Anger in Social Media Over Saudi Airport Incident

Anger in Social Media  Over Saudi Airport IncidentAnger in Social Media  Over Saudi Airport Incident

What came as shocking news a few days ago has now taken the public by storm. The sexual harassment of two Iranian teenage pilgrims by Jeddah airport security forces has prompted a national protest movement.

Over the past couple of days, a deluge of comments in condemnation of the act has been circulating in the social media. Justice for the sexual predators and an official apology from the Saudi government is the least the people are demanding. Iranian officials have also been vocal in condemning the repulsive incident.

‘’If the Saudi government shows any hesitancy in this case that would indicate that it is no longer capable of providing security of the pilgrims, it will compel us to take other measures’’, wrote Saeed Owhadi, the head of the Iranian Hajj Organization in a letter to his Saudi counterpart. He urged the Saudis to swiftly pursue criminal charges against the two offenders.

Owhadi told the Persian-language ‘Iran’ newspaper that the two airport guards are in detention and the Saudi interior minister has insisted that they receive the ‘’maximum penalty.” Iran wants an ‘’official apology’’ from the kingdom, he said.

Hojatoleslam Ali Ghazi Askar, the Leader’s representative at the Hajj Organization also strongly criticized the scandal. ‘’Continuation of Umrah (lesser pilgrimage) depends on the behavior of the Saudis in responding to the crime,” he said.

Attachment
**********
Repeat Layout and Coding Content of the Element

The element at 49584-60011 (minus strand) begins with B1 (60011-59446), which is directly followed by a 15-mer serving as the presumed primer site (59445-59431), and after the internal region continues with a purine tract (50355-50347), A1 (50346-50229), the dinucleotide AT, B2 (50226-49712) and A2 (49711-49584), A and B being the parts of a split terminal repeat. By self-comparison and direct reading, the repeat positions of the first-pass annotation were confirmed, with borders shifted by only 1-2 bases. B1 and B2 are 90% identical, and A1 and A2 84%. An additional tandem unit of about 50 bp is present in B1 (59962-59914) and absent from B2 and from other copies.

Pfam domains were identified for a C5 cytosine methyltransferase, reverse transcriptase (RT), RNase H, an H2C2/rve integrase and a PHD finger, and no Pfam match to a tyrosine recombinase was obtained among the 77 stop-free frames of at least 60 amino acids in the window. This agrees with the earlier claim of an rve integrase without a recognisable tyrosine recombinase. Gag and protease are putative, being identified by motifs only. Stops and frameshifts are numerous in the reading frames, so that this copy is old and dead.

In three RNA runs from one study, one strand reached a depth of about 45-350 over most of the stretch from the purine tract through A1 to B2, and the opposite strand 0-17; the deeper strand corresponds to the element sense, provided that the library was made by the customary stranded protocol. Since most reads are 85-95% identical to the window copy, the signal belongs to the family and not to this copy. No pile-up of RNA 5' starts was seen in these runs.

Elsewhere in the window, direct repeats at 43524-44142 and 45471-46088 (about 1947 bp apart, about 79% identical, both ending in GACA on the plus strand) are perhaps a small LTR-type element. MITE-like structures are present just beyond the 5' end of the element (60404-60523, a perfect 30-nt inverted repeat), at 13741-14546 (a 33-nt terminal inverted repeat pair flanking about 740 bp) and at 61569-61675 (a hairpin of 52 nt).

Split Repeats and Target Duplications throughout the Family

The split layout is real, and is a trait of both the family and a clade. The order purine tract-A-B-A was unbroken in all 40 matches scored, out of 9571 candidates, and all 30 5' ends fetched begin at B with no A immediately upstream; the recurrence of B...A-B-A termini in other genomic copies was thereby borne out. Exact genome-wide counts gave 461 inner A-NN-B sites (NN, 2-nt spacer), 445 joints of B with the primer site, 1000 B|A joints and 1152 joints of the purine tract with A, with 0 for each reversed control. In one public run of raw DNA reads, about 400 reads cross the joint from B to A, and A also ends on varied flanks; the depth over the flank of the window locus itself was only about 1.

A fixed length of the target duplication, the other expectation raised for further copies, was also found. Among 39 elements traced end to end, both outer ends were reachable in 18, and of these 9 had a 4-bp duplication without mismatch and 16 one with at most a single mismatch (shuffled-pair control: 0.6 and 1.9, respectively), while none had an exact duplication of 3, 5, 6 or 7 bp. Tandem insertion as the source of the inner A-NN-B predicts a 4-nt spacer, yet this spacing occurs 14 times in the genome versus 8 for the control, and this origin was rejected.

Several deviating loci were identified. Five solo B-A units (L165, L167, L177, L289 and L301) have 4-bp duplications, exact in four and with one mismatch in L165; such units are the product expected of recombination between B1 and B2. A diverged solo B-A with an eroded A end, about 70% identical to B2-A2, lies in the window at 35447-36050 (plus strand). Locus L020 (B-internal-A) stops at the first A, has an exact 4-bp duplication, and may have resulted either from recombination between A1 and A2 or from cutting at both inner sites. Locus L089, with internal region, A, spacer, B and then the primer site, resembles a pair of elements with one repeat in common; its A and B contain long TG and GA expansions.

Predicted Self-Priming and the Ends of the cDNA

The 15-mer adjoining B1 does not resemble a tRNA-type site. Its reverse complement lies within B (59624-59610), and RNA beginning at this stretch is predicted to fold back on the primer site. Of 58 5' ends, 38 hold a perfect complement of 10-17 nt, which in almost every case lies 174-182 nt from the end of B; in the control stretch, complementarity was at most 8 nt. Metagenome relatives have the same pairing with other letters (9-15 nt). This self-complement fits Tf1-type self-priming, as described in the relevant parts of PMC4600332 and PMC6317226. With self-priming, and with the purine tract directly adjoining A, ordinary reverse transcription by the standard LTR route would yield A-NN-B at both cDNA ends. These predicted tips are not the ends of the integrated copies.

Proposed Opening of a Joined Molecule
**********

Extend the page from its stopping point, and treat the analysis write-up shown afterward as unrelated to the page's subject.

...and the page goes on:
Soured Relations

The incident has further soured the already strained relations between the two countries.  Instead of making amends, Saudi officials are being intransigent and also showing signs of desperation, to say the least. So far two Iranian flights carrying pilgrims have been denied landing at Jeddah airport. In one case the Saudis claimed that the Iranian aircraft had a lifespan of over 25 years which made it unfit to land in the Arab country. This is while, according to Owhadi, it was common in the past for such Iranian aircraft to fly to Jeddah without any hindrance.

 Boycotting Umrah   

As protests intensify, demands for reprisals grow. On Tuesday people protested in front of the Saudi Embassy in Tehran to vent their anger over what they deem as an act of gross dishonor against the nation. Campaigns have been staged on social media demanding a boycott of Umrah if Saudi Arabia fails to make reparations.

As for now, opinions are split whether or not to boycott Umrah altogether. Some say Iranians should continue the pilgrimage to show what their vision of Islam truly represents.

Others maintain that unless the Saudis put an end to their unfair treatment of Iranians and adherents of Shiites, Iranians should stop from spending their money in that unfriendly state.

Religious scholars inside the country also proposed a probable boycott on Umrah. Ayatollah Naser Makarem Shirazi pleaded with the believers last week not to ‘’surrender to abasement’’ in order to perform a Mustahab (a virtuous act which is not obligatory). Addressing the House of Saud, he asked, ‘’if there is no security at the Jeddah airport, how can we expect to be safe in the streets and alleys?’’  

Owhadi says that cancelling Umrah is not under the jurisdiction of the Hajj Organization and need Majlis approval. “If they pass a law asking us to boycott Umrah, then we will comply.”  He says, “One big issue for us is the brutal stop-and-frisk at the Saudi airports which are becoming intolerable.’’

The speaker for the Majlis presiding board announced the introduction of a bill to temporarily halt Umrah flights “until the security of pilgrims is ensured.’’ Hossein Taghavi Hosseini said the proposal was tabled after the increase in the unacceptable behavior by the Saudis during Umrah, including the sexual abuse of the two Iranians at Jeddah airport.